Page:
How The Social Security Act Of 1935 Has Changed Over The Years

Social Security Act of 1935 has been the primary pillar of social security in the United States for over three quarters of the century. During this period, it has undergone several changes, debated vastly by critics and lawmakers, and survived their continuous onslaught to provide a stable source of social welfare for the citizens of a highly capitalist state economy.
How the Social Security Act of 1935 has Changed Over the Years
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The SOCIAL SECURITY ACT of 1935 has evolved during the last seven decades, from an ambitious legislation to cover some of the needy people in the society in times of distress, to a system that provides wide benefits to a very large number of Americans in various different ways. In the process it has become much more fair to women and poor.

The Act of 1935

The Act of 1935 primarily established the universal retirement benefits for the workers. In addition, it also introduced several other benefits like unemployment insurance, welfare benefits for poor families and the handicapped, temporary assistance to needy

families and health insurance for aged and disabled. In addition, it also laid down a system for grants to states for Medical assistance programs as well as states’ child health insurance programs.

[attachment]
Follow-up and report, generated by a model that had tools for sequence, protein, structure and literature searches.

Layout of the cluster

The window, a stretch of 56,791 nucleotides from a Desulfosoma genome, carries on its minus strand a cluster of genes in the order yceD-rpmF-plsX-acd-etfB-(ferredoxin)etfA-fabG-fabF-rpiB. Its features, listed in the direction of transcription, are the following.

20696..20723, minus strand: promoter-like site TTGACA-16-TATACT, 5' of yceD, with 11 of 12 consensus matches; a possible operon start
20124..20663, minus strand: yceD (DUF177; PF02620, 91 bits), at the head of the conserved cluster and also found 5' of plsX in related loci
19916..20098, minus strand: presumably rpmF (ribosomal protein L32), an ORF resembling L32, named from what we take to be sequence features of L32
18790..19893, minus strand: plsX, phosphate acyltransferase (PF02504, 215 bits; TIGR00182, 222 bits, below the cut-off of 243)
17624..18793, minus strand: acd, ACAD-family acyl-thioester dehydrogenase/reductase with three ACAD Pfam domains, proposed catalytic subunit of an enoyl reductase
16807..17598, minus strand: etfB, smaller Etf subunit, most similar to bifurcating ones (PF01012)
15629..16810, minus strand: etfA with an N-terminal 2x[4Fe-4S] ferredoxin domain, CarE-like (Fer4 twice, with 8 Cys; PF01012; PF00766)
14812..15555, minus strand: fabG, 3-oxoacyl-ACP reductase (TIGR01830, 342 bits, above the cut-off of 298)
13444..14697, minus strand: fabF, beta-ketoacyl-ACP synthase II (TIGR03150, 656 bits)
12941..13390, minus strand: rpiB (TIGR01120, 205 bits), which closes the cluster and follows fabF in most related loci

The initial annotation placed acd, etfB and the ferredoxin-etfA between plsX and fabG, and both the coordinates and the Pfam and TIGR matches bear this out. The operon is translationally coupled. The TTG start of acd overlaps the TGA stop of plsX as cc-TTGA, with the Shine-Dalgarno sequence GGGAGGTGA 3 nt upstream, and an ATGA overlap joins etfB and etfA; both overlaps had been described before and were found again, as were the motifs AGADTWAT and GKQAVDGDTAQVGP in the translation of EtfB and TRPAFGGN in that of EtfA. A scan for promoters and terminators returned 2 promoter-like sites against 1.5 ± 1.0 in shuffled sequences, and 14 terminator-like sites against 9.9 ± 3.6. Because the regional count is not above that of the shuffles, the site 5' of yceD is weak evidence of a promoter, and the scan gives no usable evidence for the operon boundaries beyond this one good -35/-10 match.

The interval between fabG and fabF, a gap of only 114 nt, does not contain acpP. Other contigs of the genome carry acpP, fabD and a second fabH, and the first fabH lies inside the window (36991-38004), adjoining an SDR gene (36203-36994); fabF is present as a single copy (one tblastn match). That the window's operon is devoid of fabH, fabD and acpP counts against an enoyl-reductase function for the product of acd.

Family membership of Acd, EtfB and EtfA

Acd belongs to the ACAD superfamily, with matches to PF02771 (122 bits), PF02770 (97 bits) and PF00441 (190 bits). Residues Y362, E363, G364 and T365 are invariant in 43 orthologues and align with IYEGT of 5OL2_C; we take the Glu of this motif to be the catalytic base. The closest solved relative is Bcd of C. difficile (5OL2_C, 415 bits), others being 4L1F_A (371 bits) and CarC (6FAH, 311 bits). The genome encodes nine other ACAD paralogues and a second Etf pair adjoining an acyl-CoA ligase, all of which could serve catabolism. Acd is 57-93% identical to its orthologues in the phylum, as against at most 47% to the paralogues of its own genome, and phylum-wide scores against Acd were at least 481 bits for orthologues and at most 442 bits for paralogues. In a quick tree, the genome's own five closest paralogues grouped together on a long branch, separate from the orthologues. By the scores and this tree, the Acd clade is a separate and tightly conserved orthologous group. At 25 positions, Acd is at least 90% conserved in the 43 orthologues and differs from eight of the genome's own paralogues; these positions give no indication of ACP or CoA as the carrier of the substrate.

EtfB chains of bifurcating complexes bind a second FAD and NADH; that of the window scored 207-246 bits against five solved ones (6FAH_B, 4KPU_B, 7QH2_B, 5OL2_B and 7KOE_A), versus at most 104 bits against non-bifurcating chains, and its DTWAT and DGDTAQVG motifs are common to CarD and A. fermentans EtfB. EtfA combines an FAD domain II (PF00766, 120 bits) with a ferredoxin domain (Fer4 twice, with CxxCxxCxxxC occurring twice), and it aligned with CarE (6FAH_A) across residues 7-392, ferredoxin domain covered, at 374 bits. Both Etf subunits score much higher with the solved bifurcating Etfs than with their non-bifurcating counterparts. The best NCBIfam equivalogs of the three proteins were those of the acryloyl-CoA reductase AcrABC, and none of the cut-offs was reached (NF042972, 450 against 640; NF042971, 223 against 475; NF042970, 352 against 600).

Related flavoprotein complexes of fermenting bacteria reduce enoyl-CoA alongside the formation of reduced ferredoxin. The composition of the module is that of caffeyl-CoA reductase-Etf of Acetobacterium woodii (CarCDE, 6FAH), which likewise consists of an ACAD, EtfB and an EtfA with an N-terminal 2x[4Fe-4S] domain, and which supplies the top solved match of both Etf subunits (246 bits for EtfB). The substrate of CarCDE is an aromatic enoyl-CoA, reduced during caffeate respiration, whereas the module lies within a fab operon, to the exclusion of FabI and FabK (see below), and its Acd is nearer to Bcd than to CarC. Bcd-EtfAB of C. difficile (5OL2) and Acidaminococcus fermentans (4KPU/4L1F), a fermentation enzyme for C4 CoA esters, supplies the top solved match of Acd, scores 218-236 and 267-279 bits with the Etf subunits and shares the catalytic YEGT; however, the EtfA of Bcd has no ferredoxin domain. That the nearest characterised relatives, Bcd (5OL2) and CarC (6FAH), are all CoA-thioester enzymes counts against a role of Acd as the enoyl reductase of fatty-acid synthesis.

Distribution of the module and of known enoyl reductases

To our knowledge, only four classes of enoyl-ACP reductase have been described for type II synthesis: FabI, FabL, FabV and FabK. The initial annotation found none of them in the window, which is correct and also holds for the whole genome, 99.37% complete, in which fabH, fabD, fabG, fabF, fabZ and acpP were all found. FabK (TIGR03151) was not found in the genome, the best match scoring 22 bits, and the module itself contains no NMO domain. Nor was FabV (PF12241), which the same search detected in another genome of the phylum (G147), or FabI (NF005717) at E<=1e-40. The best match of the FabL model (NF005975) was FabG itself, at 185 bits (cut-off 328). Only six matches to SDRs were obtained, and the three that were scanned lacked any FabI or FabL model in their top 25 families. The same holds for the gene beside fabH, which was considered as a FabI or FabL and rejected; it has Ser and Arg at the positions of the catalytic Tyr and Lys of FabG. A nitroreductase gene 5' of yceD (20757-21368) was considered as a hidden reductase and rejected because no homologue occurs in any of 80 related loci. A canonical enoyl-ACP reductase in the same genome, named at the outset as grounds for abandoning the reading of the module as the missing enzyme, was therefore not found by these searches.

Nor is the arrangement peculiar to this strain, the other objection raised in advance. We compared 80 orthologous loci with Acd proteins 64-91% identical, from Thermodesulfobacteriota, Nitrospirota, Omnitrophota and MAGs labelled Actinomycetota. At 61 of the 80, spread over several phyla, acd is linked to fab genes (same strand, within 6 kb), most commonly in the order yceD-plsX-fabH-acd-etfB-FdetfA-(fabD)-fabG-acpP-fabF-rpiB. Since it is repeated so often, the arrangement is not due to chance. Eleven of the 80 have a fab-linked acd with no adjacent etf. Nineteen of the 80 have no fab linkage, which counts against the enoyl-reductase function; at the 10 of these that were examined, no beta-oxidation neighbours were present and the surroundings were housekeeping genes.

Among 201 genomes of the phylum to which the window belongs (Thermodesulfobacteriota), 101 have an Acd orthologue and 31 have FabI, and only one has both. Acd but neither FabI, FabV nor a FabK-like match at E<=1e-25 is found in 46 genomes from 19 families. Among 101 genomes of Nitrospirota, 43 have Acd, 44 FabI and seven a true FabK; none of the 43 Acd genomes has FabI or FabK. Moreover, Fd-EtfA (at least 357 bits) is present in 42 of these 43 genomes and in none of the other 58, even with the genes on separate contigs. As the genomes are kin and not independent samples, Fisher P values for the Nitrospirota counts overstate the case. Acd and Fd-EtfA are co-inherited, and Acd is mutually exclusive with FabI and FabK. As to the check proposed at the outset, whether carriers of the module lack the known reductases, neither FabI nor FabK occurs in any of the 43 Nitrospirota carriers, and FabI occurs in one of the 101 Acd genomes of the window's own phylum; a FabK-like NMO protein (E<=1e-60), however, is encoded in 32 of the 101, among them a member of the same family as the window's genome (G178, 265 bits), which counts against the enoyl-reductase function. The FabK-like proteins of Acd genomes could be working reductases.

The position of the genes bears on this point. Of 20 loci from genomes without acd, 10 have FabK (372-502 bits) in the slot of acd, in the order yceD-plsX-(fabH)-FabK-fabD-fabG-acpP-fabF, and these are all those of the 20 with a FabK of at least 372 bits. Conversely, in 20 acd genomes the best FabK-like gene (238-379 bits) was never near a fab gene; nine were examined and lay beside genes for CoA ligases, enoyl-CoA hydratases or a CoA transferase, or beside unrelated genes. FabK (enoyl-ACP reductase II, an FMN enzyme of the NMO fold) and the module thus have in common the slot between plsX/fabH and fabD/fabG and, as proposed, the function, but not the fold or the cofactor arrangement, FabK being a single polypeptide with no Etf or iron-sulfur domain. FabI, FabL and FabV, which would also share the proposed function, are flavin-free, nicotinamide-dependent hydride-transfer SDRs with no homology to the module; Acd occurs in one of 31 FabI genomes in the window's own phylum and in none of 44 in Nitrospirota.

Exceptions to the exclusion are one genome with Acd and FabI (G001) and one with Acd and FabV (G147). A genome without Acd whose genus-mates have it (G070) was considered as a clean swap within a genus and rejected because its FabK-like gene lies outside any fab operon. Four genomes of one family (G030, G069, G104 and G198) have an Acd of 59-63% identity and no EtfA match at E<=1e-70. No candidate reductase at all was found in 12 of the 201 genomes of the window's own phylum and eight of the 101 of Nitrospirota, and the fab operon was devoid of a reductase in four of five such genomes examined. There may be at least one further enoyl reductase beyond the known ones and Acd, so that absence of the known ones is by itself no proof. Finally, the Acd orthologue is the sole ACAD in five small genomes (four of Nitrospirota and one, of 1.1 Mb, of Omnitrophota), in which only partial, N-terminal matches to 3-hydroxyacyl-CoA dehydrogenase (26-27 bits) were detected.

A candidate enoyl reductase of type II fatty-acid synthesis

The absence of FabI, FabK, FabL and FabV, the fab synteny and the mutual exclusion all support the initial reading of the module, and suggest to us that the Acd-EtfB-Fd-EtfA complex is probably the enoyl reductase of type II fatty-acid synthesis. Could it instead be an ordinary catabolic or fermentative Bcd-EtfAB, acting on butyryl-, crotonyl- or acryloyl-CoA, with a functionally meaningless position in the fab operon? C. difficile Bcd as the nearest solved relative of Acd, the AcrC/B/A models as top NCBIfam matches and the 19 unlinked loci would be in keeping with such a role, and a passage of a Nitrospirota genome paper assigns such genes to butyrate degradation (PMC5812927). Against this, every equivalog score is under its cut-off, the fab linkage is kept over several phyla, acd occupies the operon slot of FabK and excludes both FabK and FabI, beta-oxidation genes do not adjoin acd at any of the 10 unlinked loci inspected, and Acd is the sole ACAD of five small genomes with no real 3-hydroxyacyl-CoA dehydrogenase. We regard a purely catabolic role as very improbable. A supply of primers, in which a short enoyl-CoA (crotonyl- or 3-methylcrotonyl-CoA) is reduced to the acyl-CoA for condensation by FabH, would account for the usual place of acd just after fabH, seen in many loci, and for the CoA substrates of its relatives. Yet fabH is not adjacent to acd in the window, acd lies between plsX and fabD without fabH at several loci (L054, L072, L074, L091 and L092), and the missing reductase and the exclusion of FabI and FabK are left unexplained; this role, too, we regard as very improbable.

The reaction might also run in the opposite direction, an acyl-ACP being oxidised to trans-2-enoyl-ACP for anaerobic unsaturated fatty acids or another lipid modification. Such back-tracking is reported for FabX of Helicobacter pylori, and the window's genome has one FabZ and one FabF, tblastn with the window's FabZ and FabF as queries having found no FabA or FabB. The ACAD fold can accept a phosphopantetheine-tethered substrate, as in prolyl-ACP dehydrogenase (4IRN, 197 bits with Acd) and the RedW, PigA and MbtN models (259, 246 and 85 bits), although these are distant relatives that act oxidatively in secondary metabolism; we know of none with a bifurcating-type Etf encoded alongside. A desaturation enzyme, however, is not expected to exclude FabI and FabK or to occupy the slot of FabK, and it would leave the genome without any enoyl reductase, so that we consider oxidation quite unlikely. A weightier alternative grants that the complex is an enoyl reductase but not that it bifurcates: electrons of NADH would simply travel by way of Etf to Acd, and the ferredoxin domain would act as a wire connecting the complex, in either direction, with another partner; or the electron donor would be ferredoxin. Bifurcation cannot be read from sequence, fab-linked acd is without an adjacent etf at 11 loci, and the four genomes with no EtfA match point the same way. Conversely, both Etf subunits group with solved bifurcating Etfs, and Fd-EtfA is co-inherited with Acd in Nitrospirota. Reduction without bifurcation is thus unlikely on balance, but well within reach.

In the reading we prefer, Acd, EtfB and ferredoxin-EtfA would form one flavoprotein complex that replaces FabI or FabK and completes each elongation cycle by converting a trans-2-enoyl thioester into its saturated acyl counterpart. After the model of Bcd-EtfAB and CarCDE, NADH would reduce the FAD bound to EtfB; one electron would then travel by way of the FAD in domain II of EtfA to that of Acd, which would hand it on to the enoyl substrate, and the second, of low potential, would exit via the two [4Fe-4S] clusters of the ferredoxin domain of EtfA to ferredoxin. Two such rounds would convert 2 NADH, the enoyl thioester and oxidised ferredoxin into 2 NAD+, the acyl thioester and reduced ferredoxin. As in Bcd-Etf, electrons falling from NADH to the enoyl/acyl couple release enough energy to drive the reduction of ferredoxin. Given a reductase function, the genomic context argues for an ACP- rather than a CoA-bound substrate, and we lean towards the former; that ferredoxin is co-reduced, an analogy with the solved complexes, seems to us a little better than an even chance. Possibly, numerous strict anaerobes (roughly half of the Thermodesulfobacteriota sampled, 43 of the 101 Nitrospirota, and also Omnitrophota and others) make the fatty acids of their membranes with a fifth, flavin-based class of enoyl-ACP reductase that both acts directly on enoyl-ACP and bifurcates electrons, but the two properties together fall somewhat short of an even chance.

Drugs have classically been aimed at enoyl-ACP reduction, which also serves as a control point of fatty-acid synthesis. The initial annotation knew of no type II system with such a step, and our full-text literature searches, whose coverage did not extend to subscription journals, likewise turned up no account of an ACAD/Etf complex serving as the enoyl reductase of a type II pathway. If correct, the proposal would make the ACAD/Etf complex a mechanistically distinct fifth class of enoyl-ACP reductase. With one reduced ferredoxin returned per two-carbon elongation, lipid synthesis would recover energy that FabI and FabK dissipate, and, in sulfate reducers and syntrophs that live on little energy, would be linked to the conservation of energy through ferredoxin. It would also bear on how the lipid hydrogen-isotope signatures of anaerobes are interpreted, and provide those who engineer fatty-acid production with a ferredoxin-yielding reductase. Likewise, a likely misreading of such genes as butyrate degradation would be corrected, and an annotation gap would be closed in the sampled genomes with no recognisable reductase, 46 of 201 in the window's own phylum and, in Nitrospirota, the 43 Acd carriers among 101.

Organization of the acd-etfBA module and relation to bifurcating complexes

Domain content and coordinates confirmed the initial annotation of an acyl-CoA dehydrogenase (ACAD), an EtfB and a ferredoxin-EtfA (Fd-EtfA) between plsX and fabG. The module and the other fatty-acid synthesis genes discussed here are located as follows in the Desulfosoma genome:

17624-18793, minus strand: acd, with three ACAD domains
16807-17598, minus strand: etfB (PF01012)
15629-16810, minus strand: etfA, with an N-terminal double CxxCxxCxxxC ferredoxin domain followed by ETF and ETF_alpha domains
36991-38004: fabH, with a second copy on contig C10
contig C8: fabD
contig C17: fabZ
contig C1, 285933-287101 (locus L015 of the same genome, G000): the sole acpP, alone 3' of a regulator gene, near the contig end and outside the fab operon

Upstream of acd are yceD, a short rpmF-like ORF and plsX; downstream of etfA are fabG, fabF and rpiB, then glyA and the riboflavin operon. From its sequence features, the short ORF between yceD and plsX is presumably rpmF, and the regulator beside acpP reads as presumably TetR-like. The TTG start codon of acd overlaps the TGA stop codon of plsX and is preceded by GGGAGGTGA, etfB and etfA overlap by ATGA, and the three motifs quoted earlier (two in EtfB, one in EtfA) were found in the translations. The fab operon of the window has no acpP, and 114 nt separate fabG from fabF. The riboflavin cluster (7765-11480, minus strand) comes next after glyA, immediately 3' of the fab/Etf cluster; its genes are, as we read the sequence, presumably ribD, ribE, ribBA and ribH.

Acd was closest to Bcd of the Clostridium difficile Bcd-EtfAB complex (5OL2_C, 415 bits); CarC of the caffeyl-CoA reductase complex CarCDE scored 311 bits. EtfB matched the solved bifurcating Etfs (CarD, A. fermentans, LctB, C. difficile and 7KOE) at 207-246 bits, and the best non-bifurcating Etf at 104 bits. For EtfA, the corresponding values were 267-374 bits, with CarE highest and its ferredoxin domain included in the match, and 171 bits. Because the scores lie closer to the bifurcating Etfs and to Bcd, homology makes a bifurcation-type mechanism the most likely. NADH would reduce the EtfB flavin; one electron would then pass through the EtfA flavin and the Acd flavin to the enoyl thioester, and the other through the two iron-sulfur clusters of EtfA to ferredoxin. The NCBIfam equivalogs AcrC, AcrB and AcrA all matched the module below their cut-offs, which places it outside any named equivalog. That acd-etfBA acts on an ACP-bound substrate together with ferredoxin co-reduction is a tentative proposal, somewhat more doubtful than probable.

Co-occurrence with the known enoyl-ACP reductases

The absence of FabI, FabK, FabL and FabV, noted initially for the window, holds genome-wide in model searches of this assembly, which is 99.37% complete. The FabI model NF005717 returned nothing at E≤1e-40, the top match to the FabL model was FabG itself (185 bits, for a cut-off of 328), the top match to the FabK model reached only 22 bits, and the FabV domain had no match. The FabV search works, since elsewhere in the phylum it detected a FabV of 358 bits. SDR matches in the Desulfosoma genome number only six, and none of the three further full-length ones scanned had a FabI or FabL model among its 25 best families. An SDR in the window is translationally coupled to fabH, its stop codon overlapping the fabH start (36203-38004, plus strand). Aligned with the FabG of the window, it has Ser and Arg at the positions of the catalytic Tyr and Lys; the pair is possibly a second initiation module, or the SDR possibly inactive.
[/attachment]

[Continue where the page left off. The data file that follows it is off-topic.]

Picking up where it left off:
Its provisions were grouped under 11 different TITLES. Title I laid down grants to states for old-age assistance, while title II laid down the Federal old-age benefits. Titles III, IV and V dealt with benefits for the unemployed, dependent children and maternal and child welfare respectively. Titles VI pertained to public health works while Title VII established the Social Security Board. Title VIII and IX dealt with the payroll taxes from employees and employers respectively. Title X provided benefits to the blind, and the last sections dealt with general matters like definitions.

1939 Amendments

1939 saw certain major changes in the Act. The first was the removal of the payroll taxes that were prescribed by Title VIII of the original Act. These were shifted in to the Internal Revenue Code and renamed the "Federal Insurance Contributions Act."

The second major amendment was widening of benefits for the family, by increasing the federal funding for the Aid to Dependent Children and raising the maximum their eligibility to 18. Wives, elderly widows, and dependent survivors of covered male workers could now receive old age pensions instead of lump sum payments. Simultaneously, benefits for single workers were decreased and lump-sum death payments were abolished.

The amendments established a trust fund for any surplus funds. The managing trustee of this fund is the Secretary of the Treasury. The money could be invested in both non-marketable and marketable securities.

Later Amendments